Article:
Popular Nollywood actor and TV personality, Segun Arinze, known as “Black Arrow’’, says Afro-beat legend, Fela Anikulapo Kuti, is still relevant 20 years after his death.
Fela’s elder brother, Prof. Olikoye Ransome-Kuti, a former Minister of Health, announced his death from complications related to HIV and AIDS on Aug. 2, 1997.
Arinze said in a telephone interview with our reporter in Abuja on Wednesday that the issues Fela addressed in his works were still relevant.
“He is a great icon and till date, his music still stands relevant. Most of those things he said in all his songs are prevalent till date.
“He was like a prophet but as the saying goes, a ‘prophet is not respected in his home town’, which is exactly what played out in his life.
“We still keep hope that the society will continue to imbibe the messages he left behind for the much needed change to come,’’ Arinze said.
Arinze described Fela as a great artiste, who understood how to use music to pass on messages.
He said Fela started passing messages before other activists started using music to propagate worthy and good causes.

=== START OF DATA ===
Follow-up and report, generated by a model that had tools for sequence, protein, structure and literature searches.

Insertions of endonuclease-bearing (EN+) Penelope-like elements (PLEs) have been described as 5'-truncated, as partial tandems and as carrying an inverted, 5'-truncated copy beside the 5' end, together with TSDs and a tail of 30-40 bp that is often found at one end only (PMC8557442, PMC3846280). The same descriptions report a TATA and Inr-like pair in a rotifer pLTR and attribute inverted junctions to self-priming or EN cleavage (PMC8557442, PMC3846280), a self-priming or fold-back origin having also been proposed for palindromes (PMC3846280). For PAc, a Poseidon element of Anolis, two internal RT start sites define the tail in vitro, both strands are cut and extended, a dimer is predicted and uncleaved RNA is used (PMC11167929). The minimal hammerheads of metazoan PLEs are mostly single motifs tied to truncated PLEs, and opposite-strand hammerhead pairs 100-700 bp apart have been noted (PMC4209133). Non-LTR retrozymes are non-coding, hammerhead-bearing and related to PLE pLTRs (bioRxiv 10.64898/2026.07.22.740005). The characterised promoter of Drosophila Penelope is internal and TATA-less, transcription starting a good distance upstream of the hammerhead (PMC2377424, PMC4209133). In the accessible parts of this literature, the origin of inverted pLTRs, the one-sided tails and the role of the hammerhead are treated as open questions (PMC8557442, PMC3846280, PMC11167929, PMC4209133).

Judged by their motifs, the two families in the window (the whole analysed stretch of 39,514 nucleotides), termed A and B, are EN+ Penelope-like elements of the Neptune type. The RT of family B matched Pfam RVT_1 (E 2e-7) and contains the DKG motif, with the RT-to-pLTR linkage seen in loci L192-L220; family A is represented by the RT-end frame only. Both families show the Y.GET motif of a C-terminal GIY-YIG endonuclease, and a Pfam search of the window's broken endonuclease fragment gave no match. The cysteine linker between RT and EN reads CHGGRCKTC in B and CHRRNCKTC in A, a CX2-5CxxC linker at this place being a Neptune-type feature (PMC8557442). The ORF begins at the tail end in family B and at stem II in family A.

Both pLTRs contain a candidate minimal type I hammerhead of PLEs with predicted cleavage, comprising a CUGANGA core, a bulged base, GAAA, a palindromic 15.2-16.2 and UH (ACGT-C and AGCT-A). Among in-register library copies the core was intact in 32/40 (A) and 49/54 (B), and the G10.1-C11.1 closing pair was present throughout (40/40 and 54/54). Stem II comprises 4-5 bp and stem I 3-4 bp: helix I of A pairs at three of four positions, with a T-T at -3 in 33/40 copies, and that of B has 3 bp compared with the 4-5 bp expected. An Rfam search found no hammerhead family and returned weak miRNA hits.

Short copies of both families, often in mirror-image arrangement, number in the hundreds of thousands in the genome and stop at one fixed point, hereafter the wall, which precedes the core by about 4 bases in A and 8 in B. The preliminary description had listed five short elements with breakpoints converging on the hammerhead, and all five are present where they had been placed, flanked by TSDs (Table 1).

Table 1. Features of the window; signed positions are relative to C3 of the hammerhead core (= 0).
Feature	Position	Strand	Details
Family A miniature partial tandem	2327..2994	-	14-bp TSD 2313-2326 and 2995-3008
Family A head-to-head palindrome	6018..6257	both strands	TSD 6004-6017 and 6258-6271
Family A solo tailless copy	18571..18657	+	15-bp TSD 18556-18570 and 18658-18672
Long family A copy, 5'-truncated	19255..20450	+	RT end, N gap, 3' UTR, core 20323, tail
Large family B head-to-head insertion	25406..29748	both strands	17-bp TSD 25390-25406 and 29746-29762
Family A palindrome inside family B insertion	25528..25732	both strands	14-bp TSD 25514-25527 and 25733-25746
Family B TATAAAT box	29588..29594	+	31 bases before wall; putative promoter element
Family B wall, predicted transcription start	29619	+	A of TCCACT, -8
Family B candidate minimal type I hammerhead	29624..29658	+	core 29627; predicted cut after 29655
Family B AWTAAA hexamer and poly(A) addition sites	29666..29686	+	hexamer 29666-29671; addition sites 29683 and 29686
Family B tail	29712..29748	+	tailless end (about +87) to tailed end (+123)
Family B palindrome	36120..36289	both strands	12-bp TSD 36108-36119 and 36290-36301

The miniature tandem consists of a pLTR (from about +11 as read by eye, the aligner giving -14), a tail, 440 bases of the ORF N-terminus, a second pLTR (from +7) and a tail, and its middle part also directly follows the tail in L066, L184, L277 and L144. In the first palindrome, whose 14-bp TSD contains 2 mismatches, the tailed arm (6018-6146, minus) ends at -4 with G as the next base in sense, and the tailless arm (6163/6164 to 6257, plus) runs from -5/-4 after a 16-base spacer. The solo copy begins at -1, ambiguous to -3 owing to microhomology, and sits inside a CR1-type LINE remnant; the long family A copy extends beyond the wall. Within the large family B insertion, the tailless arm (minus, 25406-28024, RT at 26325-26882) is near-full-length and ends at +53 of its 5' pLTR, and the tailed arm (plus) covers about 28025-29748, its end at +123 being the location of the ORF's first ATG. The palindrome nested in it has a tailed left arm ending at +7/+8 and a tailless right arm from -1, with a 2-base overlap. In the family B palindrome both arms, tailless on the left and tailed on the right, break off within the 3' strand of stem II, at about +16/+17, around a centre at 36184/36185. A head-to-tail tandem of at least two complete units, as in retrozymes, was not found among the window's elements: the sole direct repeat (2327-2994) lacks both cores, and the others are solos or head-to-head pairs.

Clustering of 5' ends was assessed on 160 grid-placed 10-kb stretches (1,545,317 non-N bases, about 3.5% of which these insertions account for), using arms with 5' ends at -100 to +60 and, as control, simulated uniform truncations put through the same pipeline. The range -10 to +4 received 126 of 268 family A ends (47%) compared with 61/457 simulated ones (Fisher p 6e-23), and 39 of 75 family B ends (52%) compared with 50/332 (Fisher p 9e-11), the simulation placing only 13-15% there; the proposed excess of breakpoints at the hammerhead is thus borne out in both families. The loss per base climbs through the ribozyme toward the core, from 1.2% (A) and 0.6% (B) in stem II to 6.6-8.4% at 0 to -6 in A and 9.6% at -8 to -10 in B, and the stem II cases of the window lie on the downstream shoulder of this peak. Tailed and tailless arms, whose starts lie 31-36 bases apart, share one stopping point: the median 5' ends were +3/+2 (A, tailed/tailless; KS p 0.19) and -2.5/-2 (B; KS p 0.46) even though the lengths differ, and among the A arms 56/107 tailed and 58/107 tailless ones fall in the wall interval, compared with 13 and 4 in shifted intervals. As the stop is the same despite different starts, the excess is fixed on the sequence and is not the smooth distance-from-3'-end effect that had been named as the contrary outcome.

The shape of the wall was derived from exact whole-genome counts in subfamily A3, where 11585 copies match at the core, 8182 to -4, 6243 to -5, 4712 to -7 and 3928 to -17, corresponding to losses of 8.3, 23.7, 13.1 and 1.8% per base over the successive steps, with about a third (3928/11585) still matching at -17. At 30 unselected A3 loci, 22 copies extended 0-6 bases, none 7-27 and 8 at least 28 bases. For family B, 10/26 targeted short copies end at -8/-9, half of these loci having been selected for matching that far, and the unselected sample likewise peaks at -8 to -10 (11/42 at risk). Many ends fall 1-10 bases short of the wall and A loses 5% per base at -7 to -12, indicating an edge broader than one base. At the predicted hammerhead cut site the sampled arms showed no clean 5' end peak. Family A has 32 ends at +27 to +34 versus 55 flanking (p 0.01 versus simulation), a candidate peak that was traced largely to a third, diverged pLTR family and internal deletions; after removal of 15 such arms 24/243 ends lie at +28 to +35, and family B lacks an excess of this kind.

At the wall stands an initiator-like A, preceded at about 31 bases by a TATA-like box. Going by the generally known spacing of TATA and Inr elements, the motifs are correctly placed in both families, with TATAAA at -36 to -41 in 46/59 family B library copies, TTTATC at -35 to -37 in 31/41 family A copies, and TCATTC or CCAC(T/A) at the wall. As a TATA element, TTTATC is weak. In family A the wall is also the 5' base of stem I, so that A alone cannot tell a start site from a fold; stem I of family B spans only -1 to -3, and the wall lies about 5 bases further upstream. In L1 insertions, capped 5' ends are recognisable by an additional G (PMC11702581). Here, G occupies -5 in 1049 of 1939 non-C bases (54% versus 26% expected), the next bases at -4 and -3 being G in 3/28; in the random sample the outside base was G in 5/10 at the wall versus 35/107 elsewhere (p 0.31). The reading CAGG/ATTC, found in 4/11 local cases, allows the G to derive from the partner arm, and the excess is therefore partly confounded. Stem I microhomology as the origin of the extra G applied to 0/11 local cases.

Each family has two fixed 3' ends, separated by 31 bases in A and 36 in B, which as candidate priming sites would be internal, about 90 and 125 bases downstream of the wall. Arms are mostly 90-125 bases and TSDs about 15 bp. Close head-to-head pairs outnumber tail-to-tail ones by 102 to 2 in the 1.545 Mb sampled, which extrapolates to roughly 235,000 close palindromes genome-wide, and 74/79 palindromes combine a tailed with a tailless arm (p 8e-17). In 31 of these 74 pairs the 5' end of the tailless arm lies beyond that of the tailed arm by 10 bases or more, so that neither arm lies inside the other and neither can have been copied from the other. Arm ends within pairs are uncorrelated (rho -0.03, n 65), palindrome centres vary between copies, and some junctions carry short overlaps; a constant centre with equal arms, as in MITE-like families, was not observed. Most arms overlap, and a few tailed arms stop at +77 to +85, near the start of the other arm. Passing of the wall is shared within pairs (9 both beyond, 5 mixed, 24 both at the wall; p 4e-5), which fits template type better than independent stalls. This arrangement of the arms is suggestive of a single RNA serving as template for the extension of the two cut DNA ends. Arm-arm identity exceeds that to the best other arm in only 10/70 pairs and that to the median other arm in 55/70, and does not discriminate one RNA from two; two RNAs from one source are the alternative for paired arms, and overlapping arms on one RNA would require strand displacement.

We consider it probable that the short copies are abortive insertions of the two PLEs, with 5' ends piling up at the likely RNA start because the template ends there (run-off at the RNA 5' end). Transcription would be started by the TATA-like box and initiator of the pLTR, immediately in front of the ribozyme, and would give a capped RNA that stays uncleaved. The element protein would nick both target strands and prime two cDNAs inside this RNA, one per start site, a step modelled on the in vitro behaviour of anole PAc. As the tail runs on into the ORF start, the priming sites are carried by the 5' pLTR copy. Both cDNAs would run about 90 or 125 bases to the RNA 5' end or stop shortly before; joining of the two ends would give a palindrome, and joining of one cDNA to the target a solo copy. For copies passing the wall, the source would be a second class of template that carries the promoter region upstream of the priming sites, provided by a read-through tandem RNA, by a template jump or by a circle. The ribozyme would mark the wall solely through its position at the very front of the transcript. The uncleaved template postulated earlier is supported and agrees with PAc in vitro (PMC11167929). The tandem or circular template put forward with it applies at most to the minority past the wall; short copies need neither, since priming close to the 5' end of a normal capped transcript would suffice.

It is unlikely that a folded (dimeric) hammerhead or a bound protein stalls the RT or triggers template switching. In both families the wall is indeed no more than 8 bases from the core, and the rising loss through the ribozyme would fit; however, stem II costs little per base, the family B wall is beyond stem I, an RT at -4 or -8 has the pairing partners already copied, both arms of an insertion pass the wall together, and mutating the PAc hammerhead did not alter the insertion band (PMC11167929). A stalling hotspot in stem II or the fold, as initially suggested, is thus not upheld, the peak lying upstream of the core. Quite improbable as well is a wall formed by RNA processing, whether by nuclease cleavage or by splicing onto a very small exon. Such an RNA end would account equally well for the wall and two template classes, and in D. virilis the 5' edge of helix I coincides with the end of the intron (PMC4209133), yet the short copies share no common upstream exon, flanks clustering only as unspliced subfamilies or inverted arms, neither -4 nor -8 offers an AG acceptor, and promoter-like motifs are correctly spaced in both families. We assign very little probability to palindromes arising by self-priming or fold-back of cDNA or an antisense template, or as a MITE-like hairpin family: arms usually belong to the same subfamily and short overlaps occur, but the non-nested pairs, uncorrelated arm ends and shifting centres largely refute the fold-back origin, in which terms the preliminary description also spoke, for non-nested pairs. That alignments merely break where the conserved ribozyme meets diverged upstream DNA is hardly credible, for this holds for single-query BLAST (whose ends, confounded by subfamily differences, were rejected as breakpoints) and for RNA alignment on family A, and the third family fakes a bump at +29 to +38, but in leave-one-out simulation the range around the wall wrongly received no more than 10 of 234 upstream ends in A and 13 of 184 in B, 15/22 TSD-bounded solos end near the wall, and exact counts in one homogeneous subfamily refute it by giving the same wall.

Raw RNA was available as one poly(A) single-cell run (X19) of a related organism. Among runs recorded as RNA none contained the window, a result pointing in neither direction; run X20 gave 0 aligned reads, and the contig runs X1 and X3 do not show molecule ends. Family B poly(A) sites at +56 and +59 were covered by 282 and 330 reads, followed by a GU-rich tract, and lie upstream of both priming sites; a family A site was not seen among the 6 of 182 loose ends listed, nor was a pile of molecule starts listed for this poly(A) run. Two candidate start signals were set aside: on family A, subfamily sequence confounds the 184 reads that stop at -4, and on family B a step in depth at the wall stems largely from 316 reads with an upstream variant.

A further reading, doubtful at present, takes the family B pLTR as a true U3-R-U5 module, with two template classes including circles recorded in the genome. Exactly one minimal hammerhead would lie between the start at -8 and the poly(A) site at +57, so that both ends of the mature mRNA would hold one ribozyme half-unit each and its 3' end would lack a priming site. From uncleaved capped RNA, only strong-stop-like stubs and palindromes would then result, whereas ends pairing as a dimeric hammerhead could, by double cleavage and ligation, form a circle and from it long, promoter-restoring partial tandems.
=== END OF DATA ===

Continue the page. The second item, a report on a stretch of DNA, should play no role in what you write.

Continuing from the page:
“And of course, he was being recognised by the government, people and the society; Fela was great, we can never forget him in Nigeria, Africa and the world stage.
“It even got to a level of staging a play in his honour, Fela on Broad Way; what else can you ask for?’’ he asked.
Arinze said Fela’s works encouraged other musicians in Nigeria to pass positive messages through music.
He said musicians should learn, live and share experiences with people in their works.
Fela was a Nigerian multi-instrumentalist, composer, pioneer of the Afro-beat music genre, human rights activist, Pan-Africanist, polygamist, mystic, legend and political maverick.
He was born on Oct. 13, 1938, in Abeokuta into an upper-middle class family.
His mother, Funmilayo Ransome-Kuti, was a woman activist and his father, the Rev. Isreal Oludotun Ransome-Kuti, was an Anglican minister and school principal.
Fela was a cousin of Nobel laureate Wole Soyinka.
He attended Abeokuta Grammar School and later went to London in 1958 to study medicine but instead studied music at Trinity College of Music.
Fela played musical instruments, such as saxophone, keyboard, trumpet, guitar and drum.
He married his first wife, Remilekun Taylor in 1960 and in 1963, he moved back to Nigeria, re-formed Koola Lobitos and trained as a radio producer for the Nigerian Broadcasting Corporation.
Because of his social activism, he ran into trouble on many occasions with the military regimes in Nigeria in the 1970s and 1980s and was jailed.